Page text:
spine where my jumper has left a gap. Five minutes was as long as I could manage but as we know, five minutes is enough. Now I can tell you that whatever attributes and characteristics it may have
'X-Ray' has its moment in the sun.
8th February 2015
Helleborus x hybridus red
Half of the hellebore border was weeded in the autumn, the other half wasn't. It is unfortunate but too late to waste time worrying about. The flowers are coming up and the section that was not weeded
seems to be producing more interest than the section that was so I can convince myself it is a good thing. Under the staging in the greenhouse last years hellebore seed has germinated.
It is always an exciting time when the first seedlings start to appear. The seed is collected at the end of May and I always find myself rummaging around the parent plants collecting up the shiny black
seeds and wondering why I am bothering. They are sown immediately and then nothing happens for six months. Sometime in January, up they come and the excitement is over for a few years.
They don't attract attention again until they start to reach flowering size and that is the part of the hellebore border I haven't weeded.
This red seedling cheered me. I have been hoping to raise some decent red hybrids for several years but it is a difficult colour. I have a couple of parent plants that produce plenty of seed
but so far the seedings have been pink and at the ugly end of the spectrum. This is the first I have raised that is a good red, at least at this stage. As the flowers mature they all seem to lose
the rich colour and become brownish but this will do for now. In another month the garden will be filled with different things and it is easy to overlook the drabness of some fading hellebores. There are a
number of other seedlings in the batch also looking good so I am hopeful. If they had taken the opportunity to stand up and shine above the snow, that would have been wonderful but they declined.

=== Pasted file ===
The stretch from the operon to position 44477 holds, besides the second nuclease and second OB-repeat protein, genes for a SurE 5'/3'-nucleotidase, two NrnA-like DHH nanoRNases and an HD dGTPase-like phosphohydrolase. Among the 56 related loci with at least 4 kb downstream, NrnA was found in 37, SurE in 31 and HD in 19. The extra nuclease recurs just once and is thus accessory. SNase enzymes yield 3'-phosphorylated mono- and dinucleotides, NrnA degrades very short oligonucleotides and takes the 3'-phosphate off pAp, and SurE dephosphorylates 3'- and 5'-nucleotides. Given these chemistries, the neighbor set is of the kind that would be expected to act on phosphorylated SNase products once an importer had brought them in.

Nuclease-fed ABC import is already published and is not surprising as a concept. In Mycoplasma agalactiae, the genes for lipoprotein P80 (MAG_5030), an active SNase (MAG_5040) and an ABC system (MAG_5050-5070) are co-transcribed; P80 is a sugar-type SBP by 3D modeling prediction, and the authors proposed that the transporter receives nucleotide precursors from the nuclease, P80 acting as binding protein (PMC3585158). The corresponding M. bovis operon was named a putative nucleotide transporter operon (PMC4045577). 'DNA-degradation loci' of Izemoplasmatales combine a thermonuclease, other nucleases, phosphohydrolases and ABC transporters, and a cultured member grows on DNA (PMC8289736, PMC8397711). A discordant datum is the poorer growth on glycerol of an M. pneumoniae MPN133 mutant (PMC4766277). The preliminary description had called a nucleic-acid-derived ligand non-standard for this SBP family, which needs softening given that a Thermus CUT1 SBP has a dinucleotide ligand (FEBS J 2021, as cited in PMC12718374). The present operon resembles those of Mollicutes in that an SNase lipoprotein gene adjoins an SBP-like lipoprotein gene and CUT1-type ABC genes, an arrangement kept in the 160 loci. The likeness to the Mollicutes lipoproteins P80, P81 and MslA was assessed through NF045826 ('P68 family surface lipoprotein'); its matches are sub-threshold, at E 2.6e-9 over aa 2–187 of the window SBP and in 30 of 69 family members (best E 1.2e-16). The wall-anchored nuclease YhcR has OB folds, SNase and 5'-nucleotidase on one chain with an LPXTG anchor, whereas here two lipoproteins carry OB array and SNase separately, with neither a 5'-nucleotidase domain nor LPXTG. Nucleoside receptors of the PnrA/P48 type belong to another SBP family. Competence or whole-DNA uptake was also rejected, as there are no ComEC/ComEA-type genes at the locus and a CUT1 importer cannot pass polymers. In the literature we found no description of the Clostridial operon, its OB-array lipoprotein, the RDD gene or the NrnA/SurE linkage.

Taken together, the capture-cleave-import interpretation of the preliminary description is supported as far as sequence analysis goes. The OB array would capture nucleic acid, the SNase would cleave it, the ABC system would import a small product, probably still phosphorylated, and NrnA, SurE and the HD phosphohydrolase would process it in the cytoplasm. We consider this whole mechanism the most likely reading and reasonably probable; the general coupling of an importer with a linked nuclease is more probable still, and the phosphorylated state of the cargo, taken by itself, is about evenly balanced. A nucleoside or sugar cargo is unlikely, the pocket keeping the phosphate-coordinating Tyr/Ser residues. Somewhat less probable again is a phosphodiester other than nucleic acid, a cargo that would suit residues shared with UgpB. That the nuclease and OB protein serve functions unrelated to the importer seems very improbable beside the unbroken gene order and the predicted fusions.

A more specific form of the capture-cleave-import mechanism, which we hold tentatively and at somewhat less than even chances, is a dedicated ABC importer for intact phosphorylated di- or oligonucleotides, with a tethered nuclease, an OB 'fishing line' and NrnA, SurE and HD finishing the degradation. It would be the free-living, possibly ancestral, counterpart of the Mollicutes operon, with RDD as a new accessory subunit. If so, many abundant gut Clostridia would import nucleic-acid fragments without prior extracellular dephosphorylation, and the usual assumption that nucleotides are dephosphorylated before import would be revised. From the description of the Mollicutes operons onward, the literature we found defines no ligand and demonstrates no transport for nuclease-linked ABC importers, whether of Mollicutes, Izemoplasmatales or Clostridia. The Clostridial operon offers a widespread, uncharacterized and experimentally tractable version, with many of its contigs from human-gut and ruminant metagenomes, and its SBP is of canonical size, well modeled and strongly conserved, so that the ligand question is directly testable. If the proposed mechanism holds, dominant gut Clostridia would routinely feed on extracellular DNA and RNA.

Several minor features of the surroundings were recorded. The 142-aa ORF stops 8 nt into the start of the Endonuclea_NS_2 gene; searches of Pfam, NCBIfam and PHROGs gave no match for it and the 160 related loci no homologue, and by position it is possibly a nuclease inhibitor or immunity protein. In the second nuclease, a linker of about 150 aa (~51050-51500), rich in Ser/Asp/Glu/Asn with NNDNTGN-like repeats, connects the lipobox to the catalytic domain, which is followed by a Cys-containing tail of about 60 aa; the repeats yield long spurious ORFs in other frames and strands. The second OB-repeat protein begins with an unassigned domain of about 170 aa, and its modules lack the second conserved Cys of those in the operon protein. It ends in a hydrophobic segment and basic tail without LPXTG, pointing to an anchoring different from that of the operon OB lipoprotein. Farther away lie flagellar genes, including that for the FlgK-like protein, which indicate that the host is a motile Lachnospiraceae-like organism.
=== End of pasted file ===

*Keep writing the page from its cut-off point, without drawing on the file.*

8th February 2015
Snow accumulates on the roof of the greenhouse making it dark and keeping it from warming up. On Tuesday afternoon it was dripping dismally inside and I had no urge to visit. Once the snow had melted
the temperature in there shot up and Freesia viridis opened. It is a strange little green flower and it isn't scented but hunting for it through the first weeks of the New Year
and watching the tiny buds develop is a small but gleeful part of the season. I grow it close to the incorrigible Freesia laxa which seeds everywhere and which I have allowed to
wander because I adore the scarlet flowers in early summer but enough is enough. In truth enough is probably far too much. I was concerned that the sturdy sheaves of pleated leaves that had emerged in autumn
from the pots of Freesia viridis would have red flowers instead of green. The time has come to take a firm stand and weed out F. laxa whenever it appears. Years ago it had swamped the
temperate house at Kew and they managed to get rid of it, so it is possible.
Recent taxonimic work by Goldblatt and Manning has divided the species into two subspecies. My plants are F. viridis ssp. viridis which occurs along the western coast of Namibia
and extends as far south as Cape Town in South Africa.
It is said that some plants are fragrant at night so later this evening I will wander that way in the dark and try to remember where the rose bush is.